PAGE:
Tuesday, April 9, 2019

2019 NYC Trip: "The Ferryman" at the Bernard B. Jacobs Theatre

Show*: 7

Title: The Ferryman

Location: Bernard B. Jacobs Theatre

Written By: Jez Butterworth

Summary: A sprawling Irish family drama set during "The Troubles" in early 1980s Northern Ireland.

Highlights: If To Kill a Mockingbird is an American tragedy, The Ferryman is an Irish tragedy. Specifically, a Northern Irish tragedy. In about 24 hours in the farmhouse of a former IRA member, this story unfolds that is both intensely personal (lots of family drama when 14 family members live in one household) and fiercely political (can one ever be a former IRA member?). The events are kicked off when the body of Seamus Carney is found in a bog, after having been missing for ten years (he's one of "The Disappeared"). This causes much trauma for his widow and 14-year old son, who have been living all this time with Seamus' brother Quinn (both brothers were involved in the IRA), helping to raise his seven children while his wife Mary suffers from various ailments (including perennial pregnancy and likely post-partum depression). So much happens in these 24 hours (which plays out in just over three hours), that it boggles the mind. When it was over, I asked my friend if we could see it again (we couldn't, we were leaving the next day). Between the Irish accents, the 22 named characters in the play, and the complicated political and familial issues, there's a lot to take in. I don't read plays, but I just ordered the script so that I could read and study it.

The Ferryman premiered in London in 2017 (where it was very successful, both with critics and audiences), and most of the original cast transferred to Broadway last fall. In February of this year, most of them left to be replaced with an American cast, and it's this cast that I saw. British playwright Jez Butterworth is wildly ambitious to write a three-act play with 22 characters, several of them children, one a baby, plus live animals on stage. It would be seemingly impossible to stage, but director Sam Mendes has done just that, creating a world that feels so real and authentic and Irish. The set transports one to a large rustic country kitchen, and the many children running up and down the stairs create a beautiful chaos. Two of Quinn's aunts and an uncle also live with them, one of them referred to as "Aunt Maggie Far Away" because she suffers from severe dementia that has her staring off into space much of the time, except for occasional visits to lucidity when she tells the children stories and possibly foretells the future. There are so many scenes and stories that don't seem to have anything to do with the main plotline and are just establishing character, which would be enough, but they're all meaningful and build up to the shocking conclusion of the play in ways you don't even realize. Hence the need to read it or see it again.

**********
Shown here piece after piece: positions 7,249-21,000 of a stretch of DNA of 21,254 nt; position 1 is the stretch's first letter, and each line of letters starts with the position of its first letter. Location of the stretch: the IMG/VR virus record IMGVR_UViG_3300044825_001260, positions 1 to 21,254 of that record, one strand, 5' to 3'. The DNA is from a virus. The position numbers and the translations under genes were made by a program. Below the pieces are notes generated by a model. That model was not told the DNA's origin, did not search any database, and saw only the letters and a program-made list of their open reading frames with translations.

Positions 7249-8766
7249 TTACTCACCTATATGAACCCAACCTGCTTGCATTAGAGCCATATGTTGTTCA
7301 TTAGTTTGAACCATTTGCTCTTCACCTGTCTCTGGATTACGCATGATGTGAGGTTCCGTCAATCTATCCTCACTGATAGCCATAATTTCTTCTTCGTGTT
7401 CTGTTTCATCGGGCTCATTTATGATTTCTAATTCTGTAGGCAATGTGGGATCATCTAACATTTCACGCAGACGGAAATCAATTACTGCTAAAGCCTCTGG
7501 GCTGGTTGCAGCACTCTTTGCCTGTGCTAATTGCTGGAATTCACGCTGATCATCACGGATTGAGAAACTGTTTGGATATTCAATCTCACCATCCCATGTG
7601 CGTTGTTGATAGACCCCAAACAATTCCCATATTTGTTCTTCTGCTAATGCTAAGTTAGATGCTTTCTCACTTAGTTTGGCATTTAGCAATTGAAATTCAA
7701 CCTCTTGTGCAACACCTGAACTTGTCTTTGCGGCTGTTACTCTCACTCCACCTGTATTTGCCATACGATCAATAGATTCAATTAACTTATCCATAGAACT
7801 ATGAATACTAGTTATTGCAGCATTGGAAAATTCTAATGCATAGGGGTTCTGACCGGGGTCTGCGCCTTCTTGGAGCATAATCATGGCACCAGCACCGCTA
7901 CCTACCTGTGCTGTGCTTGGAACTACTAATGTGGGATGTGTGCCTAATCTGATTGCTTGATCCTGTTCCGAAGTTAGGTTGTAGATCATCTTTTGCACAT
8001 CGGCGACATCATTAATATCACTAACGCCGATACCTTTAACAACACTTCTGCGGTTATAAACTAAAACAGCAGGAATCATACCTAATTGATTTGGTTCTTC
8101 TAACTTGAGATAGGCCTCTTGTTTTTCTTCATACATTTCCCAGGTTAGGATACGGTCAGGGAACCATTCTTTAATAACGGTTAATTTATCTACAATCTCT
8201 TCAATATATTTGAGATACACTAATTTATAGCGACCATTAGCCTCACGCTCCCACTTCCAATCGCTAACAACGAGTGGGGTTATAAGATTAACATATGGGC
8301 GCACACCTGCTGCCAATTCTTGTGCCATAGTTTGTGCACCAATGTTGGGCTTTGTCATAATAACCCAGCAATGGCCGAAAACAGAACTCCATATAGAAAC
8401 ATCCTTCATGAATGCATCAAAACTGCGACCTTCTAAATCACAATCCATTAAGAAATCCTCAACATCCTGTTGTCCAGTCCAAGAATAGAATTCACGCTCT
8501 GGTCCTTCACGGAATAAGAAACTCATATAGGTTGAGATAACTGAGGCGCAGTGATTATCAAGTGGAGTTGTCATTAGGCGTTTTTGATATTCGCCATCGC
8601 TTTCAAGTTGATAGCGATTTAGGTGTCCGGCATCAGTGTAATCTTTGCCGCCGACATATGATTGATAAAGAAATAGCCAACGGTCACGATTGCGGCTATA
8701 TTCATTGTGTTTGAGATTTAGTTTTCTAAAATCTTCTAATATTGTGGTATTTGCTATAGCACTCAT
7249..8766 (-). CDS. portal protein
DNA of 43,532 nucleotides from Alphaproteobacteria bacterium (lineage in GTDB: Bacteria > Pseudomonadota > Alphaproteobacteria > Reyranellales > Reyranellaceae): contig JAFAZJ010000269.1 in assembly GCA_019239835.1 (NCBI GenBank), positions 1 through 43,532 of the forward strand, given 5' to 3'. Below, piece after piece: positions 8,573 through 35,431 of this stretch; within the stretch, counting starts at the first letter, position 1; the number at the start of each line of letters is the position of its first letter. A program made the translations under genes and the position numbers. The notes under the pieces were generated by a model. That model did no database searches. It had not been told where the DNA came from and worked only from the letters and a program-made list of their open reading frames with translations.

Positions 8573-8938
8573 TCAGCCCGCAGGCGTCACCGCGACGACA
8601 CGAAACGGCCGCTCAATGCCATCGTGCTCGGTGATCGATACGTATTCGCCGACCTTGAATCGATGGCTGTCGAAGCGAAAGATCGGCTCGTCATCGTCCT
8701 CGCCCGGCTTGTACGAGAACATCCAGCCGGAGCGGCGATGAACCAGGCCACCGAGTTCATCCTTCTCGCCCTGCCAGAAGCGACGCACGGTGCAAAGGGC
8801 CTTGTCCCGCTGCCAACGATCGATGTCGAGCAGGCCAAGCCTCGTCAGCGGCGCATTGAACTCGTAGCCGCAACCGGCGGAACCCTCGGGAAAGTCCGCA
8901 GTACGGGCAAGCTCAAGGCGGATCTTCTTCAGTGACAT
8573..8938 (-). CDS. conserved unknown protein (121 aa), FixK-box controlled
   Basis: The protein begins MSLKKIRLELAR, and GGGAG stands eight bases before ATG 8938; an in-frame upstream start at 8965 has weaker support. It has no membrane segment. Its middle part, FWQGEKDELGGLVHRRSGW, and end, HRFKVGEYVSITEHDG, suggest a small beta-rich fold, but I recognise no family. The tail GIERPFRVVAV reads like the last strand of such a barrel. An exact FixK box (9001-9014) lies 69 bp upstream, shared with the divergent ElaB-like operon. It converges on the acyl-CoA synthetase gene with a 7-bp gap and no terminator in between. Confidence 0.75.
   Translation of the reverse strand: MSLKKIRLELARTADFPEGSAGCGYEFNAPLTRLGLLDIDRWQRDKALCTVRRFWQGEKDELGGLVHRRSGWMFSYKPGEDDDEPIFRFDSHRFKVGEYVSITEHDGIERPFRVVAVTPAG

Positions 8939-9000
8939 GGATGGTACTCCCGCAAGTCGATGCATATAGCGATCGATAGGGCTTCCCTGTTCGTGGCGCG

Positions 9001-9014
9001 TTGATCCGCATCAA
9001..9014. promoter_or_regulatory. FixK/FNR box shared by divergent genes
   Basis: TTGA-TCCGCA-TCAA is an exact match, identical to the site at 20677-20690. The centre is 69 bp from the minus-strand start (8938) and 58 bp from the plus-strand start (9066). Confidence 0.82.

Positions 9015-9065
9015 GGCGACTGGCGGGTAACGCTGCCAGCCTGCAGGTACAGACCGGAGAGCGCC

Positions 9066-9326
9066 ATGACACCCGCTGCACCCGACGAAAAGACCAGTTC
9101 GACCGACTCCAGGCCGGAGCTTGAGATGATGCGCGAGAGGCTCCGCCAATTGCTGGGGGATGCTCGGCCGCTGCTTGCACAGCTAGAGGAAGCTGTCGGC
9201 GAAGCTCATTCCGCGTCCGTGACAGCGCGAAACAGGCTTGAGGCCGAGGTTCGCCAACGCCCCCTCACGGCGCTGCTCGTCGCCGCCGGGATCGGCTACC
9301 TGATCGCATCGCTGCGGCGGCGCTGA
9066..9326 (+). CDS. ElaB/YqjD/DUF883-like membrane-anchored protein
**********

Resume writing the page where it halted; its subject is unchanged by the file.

This entire cast is marvelous, so many adorably precocious kids (if there's anything an audience loves more than a child swearing, it's a child swearing in an Irish accent), as well as really strong adult actors that portray both the joy of harvest day and the utter devastation of the situation. I would say that Brian D'Arcy James, who's mostly known for musicals, is going to win a Tony, except that he's a replacement so ineligible. But still, he gives Quinn such heart and strength, the loving head of the family with a dark past. Also wonderful are Emily Bergl as his ailing wife, Holley Fain as the new widow, Ralph Brown as the powerfully evil local head of the IRA, and really every member of this cast. Did I mention there's a baby?! Who almost stole the show every time he appeared on stage.

The Ferryman is an epic play that's so dense and full of substance, but also incredibly engaging as you get caught up in the life of this family. The title of the play refers to a figure from The Iliad, the ferryman who carries souls across the River Styx into Hades, except those who were not buried. Bringing my 2019 NYC theater trip full circle from Hadestown to The Ferryman.


*Once again, I'm using an abbreviated Fringe-style summary for my NYC 2019 trip, since I am in the greatest city in the world with much more exciting things to do than write! Click here to see all of my Broadway-related blog posts.

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